How to Be Cute on All Desktops with Qt

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Qt always has been about cross-platform. By providing a rich API that isn't tied to a specific platform, Qt can be both intuitive to use and innovative.

The Qt toolkit originally was designed not only to be nice to work with, but also to allow for moving application source code between platforms. Today, the three major desktop environments are supported: X11, OS X and Windows. As portability is one of the key goals of the toolkit, it rarely runs into common issues, such as features missing on a specific platform or applications not integrating well in certain environments.

Qt's journey to fame really began more than ten years ago with the KDE Project. As one of KDE's cornerstones, it might come as a surprise to you that later incarnations of Qt try to integrate with GTK+ and GNOME. It even allows the incorporation of the glib event loop, all to fulfill the mission of providing portable code that looks and feels right on all platforms.

Looking Right

When discussing portable GUI source code, the graphical user interface is probably what comes to mind first. Providing widgets that look right on all platforms is an engineering feat. It takes many tricks to be able to use native painting methods, adapt to styling and just generally to fit in. Add to that the ability to subclass and customize widgets, and you have quite a handful of things that have to be incorporated.

And, making an application feel visually right on all platforms takes even more work. Margins, spacing, alignment—even the ordering of certain widgets—all need to be taken into account. Qt addresses all of these issues. A basic dialog window can be used to demonstrate how.

Figure 1 shows a property dialog with a set of labels to the left and fields for editing to the right. At the bottom are the standard Help, Apply, Ok and Cancel buttons. This might look like a simple dialog, but compare it to Figures 2 and 3. It's the same dialog, but on different platforms.

Figure 1. A Dialog in a KDE Environment

Figure 2. A Dialog in a Windows Environment

Figure 3. A Dialog in an OS X Environment

The platform imposes the order of the buttons at the bottom of the dialog, the alignment of the properties' labels, as well as the expansion policy of the fields representing the property values. All of these need to be handled according to the current platform's rules.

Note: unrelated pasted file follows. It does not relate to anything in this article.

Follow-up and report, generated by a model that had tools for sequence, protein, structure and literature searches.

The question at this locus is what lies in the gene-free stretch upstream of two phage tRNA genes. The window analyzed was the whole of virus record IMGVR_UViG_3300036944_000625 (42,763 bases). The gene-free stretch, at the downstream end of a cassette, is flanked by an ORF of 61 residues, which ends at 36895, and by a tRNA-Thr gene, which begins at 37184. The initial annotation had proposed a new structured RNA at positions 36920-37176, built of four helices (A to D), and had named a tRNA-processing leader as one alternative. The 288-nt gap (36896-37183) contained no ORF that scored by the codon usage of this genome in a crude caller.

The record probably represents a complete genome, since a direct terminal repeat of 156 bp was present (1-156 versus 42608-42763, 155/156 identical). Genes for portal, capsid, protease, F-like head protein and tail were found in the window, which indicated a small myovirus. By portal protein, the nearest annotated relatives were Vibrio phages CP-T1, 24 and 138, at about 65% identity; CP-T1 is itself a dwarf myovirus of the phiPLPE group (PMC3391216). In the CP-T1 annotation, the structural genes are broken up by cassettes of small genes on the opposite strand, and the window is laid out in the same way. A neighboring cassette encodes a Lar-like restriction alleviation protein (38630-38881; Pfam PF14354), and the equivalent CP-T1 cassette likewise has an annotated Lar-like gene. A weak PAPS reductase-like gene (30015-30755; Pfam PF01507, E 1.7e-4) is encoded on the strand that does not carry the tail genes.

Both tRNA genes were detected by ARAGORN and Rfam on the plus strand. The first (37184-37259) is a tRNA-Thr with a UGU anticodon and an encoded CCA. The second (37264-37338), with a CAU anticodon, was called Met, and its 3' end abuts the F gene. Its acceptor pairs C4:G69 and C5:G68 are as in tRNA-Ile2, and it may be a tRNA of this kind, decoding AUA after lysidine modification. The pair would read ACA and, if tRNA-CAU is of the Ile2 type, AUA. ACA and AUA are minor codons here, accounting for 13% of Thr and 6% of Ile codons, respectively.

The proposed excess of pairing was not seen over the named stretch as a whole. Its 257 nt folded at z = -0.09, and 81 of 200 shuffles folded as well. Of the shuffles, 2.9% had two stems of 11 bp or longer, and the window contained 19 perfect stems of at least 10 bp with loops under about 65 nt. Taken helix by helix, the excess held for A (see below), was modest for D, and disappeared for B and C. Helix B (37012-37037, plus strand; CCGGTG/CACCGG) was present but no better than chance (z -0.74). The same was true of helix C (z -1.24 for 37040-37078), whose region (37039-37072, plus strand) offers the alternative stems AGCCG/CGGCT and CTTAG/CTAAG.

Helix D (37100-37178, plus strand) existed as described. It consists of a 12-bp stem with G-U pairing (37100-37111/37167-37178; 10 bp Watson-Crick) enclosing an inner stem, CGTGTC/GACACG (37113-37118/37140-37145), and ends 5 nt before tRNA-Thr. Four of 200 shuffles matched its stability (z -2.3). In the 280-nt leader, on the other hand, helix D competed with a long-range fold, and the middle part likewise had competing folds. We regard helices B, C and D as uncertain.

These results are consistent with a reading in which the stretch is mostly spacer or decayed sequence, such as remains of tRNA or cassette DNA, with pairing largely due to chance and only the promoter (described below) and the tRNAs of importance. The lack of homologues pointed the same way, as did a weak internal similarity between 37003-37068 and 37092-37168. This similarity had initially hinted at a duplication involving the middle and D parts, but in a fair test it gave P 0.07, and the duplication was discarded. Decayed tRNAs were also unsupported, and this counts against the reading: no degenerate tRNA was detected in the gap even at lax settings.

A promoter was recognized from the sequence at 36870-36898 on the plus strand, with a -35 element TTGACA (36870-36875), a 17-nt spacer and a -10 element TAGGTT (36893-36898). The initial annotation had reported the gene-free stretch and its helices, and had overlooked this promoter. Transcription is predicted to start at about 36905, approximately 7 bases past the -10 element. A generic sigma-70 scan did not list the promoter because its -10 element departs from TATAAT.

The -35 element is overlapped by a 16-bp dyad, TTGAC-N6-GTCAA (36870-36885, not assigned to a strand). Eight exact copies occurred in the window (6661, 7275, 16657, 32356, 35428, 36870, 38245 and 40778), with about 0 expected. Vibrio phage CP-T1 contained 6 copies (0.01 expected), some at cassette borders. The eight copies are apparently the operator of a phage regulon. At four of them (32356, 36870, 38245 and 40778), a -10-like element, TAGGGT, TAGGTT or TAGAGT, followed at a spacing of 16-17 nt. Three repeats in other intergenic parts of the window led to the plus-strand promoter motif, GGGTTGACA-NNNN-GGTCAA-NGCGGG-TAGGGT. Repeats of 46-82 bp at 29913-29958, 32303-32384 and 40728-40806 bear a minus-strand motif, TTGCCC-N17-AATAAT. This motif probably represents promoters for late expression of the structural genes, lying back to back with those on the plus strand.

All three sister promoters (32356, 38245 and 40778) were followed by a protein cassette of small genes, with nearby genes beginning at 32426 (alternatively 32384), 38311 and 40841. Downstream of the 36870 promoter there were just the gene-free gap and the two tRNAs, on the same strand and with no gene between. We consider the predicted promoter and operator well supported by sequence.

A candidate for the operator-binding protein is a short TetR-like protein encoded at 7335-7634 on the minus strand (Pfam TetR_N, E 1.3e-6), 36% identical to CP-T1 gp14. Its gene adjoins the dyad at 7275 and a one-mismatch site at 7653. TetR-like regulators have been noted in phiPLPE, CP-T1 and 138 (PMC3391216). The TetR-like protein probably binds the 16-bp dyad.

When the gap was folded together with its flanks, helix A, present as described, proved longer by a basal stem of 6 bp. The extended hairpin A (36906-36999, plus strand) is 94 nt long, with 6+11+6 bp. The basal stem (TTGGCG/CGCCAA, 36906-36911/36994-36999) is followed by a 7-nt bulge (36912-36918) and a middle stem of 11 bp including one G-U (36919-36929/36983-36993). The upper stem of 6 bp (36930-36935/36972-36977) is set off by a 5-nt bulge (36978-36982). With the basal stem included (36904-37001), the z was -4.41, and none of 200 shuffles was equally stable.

Customizing the Look

In some situations, blindly following the current platform's look and feel isn't what you are after. Sometimes you may want to subtly give hints to the user. For instance, you may want to highlight all required fields or change the color of a progress bar. Usually, this means subclassing the source widget to specialize it. Then, you will use your special widget for all the required fields. Now, imagine having not only text fields, but also check boxes, drop-down lists and more.

In Qt, you can address this problem in two ways. Either you can create a custom palette object that you apply to all fields you want to highlight or change color. Or, you can use a stylesheet.

The advantage of using stylesheets is that they allow more advanced operations. Figure 4 shows this in three steps. The top row of widgets uses the standard style, and the second row uses the following stylesheet:

QLineEdit {
  background-color: rgb(255, 255, 185);
}

QCheckBox::indicator:unchecked {
  image: url(:/images/cb-unchecked.png);
}

QRadioButton::indicator:unchecked {
  image: url(:/images/rb-unchecked.png);
}

Figure 4. From Standard Style to the Extreme

As you can see, the syntax was heavily inspired by the cascading stylesheets (CSS) used in Web design. The text field is an instance of the QLineEdit class. For it, it is enough to specify a background color. For the radio button and check box, you need to provide images that represent the indicator. More states than unchecked need to be included here, but to simplify for this example, they have been left out.

Merely changing the background color could have been achieved as easily by altering the specific widgets' palette. However, the last row in Figure 4 shows that you can go further. The stylesheet used here changes the font, text color, border and background. For the QLineEdit class, the stylesheet looks like this:

QLineEdit {
  color: red;
  font: 75 14pt "DejaVu Sans";

  border: 2px solid rgb(0, 112, 157);
  border-radius: 3px;

  background: qlineargradient(spread:pad, 
              ↪x1:0, y1:0, x2:0, y2:1, 
              ↪stop:0 black, stop:1 rgb(0, 112, 157));
}

As you can see, the color changes are not limited to only solid colors. The background is a gradient, and the whole shape of the border has been altered—all this, while still maintaining the source code's cross-platform portability.

______________________

Johan Thelin is a consultant working with Qt, embedded and free software. On-line, he is known as e8johan.

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